Autophagy and gastrointestinal cancers: the behind the scenes role of long non-coding RNAs in initiation, progression, and treatment resistance

Rana Shafabakhsh, Farzaneh Arianfar, Massoud Vosough, Hamid Reza Mirzaei, Maryam Mahjoubin-Tehran, Hashem khanbabaei, Hamed Kowsari, Layla Shojaie, Maryam Ebadi Fard Azar, Michael R. Hamblin, Hamed Mirzaei

Research output: Contribution to journalReview articlepeer-review

42 Citations (Scopus)

Abstract

Gastrointestinal (GI) cancers comprise a heterogeneous group of complex disorders that affect different organs, including esophagus, stomach, gallbladder, liver, biliary tract, pancreas, small intestine, colon, rectum, and anus. Recently, an explosion in nucleic acid-based technologies has led to the discovery of long non-coding RNAs (lncRNAs) that have been found to possess unique regulatory functions. This class of RNAs is >200 nucleotides in length, and is characterized by their lack of protein coding. LncRNAs exert regulatory effects in GI cancer development by affecting different functions such as the proliferation and metastasis of cancer cells, apoptosis, glycolysis and angiogenesis. Over the past few decades, considerable evidence has revealed the important role of autophagy in both GI cancer progression and suppression. In addition, recent studies have confirmed a significant correlation between lncRNAs and the regulation of autophagy. In this review, we summarize how lncRNAs play a behind the scenes role in the pathogenesis of GI cancers through regulation of autophagy.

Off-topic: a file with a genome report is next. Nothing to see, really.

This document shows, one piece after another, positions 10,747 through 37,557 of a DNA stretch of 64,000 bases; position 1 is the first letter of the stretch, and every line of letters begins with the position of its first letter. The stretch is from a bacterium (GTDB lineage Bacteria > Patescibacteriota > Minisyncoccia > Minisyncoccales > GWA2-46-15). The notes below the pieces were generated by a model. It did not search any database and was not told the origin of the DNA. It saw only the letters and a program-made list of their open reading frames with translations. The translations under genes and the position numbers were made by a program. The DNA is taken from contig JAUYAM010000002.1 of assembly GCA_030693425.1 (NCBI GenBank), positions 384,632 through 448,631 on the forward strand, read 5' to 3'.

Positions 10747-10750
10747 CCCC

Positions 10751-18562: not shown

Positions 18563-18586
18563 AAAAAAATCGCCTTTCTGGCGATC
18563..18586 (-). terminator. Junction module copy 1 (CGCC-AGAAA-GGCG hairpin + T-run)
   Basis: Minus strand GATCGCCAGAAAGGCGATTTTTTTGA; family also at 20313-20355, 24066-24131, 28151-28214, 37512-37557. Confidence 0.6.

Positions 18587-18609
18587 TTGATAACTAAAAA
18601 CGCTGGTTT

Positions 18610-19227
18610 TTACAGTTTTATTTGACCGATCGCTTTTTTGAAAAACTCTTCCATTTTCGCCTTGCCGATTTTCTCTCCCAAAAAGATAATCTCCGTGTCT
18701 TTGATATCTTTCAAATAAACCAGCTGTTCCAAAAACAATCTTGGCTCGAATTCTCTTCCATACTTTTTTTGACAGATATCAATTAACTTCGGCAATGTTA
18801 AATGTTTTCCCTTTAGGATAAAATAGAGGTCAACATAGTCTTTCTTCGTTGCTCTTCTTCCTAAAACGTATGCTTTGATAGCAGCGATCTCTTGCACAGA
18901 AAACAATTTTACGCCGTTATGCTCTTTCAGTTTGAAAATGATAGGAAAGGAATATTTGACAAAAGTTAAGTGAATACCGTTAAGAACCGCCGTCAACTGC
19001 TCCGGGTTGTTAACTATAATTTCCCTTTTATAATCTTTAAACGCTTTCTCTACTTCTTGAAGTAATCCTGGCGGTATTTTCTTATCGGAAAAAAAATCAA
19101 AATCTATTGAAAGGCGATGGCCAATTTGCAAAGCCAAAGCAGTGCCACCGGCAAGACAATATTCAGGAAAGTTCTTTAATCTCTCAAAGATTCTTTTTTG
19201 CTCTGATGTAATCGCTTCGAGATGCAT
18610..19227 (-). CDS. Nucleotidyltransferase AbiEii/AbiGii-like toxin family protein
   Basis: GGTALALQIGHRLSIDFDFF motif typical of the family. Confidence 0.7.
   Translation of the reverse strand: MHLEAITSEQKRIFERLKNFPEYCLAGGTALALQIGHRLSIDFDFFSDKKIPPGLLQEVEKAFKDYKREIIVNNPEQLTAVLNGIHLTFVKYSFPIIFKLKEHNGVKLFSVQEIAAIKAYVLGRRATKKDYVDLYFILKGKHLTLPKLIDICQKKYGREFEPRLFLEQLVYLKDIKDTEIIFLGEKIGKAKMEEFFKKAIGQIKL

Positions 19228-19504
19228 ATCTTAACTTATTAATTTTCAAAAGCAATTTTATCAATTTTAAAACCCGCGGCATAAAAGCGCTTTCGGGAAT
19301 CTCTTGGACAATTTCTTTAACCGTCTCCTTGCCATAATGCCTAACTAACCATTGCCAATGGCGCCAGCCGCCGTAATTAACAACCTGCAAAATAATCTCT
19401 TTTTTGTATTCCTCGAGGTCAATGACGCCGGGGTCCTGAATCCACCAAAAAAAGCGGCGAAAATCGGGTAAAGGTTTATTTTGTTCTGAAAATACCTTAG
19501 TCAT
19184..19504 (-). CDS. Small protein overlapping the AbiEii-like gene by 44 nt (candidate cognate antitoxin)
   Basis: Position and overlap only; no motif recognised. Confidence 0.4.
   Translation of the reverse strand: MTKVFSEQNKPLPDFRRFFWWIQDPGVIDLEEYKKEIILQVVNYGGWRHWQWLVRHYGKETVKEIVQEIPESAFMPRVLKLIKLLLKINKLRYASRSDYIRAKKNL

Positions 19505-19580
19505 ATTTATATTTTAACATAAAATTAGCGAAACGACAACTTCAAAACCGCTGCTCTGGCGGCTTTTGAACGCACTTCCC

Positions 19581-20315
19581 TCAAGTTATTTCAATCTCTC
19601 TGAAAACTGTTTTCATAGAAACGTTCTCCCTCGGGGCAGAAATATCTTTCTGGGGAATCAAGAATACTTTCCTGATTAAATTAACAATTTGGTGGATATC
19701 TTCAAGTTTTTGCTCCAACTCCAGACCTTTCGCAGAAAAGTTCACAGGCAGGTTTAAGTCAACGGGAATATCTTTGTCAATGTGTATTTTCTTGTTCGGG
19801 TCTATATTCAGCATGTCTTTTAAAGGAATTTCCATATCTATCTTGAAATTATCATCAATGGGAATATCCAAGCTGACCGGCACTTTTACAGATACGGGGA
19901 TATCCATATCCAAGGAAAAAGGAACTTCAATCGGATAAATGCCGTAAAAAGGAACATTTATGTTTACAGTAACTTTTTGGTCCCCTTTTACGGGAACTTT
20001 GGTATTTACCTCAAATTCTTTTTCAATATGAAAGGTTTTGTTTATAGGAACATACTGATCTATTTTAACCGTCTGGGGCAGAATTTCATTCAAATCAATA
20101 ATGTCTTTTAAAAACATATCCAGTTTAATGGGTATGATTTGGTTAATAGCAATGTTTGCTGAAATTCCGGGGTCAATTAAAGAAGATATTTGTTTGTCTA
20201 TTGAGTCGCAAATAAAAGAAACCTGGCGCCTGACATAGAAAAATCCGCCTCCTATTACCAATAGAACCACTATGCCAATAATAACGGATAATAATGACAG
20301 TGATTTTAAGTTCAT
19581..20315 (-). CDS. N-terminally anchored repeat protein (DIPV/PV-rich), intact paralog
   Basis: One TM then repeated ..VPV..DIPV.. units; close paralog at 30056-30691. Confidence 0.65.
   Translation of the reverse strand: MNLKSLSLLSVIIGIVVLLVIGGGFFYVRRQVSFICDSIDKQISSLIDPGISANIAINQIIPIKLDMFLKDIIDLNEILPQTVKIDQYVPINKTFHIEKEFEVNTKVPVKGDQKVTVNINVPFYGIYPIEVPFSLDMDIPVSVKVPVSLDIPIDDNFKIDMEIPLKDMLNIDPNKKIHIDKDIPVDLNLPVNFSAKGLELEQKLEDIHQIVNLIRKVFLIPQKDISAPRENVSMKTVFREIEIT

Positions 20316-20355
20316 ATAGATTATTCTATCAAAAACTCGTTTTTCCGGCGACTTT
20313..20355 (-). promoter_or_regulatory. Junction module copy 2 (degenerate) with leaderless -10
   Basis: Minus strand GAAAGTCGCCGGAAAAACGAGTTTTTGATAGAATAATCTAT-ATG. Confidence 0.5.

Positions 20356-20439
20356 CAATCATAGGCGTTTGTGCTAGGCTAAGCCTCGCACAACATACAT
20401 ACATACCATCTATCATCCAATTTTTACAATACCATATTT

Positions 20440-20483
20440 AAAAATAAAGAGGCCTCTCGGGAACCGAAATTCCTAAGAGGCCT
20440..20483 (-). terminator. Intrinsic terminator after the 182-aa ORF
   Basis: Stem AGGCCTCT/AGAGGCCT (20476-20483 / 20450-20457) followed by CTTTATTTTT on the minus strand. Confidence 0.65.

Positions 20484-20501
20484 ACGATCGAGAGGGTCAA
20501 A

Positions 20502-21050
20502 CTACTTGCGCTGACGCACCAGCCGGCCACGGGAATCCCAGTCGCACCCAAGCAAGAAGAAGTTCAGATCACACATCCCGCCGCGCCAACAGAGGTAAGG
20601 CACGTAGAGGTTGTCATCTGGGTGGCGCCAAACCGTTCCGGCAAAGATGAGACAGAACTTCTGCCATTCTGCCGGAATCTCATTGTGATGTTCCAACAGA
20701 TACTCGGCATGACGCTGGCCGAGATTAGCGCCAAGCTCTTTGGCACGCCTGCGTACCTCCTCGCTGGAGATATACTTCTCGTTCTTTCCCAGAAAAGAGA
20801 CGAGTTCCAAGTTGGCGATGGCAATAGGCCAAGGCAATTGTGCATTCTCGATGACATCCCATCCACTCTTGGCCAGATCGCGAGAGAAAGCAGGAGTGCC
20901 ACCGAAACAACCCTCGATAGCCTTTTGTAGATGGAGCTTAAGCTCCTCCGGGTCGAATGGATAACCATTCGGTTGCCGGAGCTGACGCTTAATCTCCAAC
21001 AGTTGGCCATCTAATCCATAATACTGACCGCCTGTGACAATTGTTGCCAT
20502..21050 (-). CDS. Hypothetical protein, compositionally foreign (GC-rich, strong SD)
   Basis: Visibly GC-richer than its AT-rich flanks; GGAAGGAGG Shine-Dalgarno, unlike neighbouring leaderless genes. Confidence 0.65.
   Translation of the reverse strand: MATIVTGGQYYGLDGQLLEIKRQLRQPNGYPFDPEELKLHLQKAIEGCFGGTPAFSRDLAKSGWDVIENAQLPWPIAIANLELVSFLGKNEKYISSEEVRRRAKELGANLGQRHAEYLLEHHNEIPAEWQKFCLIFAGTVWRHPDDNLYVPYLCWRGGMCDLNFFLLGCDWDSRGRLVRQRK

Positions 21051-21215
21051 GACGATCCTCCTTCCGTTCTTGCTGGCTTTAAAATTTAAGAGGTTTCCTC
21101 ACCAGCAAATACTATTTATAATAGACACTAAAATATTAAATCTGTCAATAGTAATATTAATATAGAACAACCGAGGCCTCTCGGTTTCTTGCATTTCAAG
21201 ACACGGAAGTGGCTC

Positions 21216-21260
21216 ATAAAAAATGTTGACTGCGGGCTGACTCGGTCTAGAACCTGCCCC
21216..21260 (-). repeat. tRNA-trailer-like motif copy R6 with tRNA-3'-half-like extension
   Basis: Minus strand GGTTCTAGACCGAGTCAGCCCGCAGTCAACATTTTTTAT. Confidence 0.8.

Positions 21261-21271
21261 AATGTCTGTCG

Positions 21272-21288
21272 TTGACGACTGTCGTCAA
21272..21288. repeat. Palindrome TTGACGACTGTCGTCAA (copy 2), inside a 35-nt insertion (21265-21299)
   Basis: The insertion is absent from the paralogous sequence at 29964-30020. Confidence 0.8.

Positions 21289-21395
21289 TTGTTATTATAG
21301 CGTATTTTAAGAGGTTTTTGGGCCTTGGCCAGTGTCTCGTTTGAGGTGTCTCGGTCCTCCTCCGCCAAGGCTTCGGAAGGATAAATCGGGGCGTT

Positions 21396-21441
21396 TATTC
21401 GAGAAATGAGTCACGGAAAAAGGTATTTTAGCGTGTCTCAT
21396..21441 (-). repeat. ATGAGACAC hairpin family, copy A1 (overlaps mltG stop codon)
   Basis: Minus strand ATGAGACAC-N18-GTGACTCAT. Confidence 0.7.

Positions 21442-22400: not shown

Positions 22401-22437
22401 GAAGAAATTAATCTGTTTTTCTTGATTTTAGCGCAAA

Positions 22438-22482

Original languageEnglish
Pages (from-to)1229-1255
Number of pages27
JournalCancer Gene Therapy
Volume28
Issue number12
DOIs
Publication statusPublished - Dec 2021

ASJC Scopus subject areas

  • Molecular Medicine
  • Molecular Biology
  • Cancer Research

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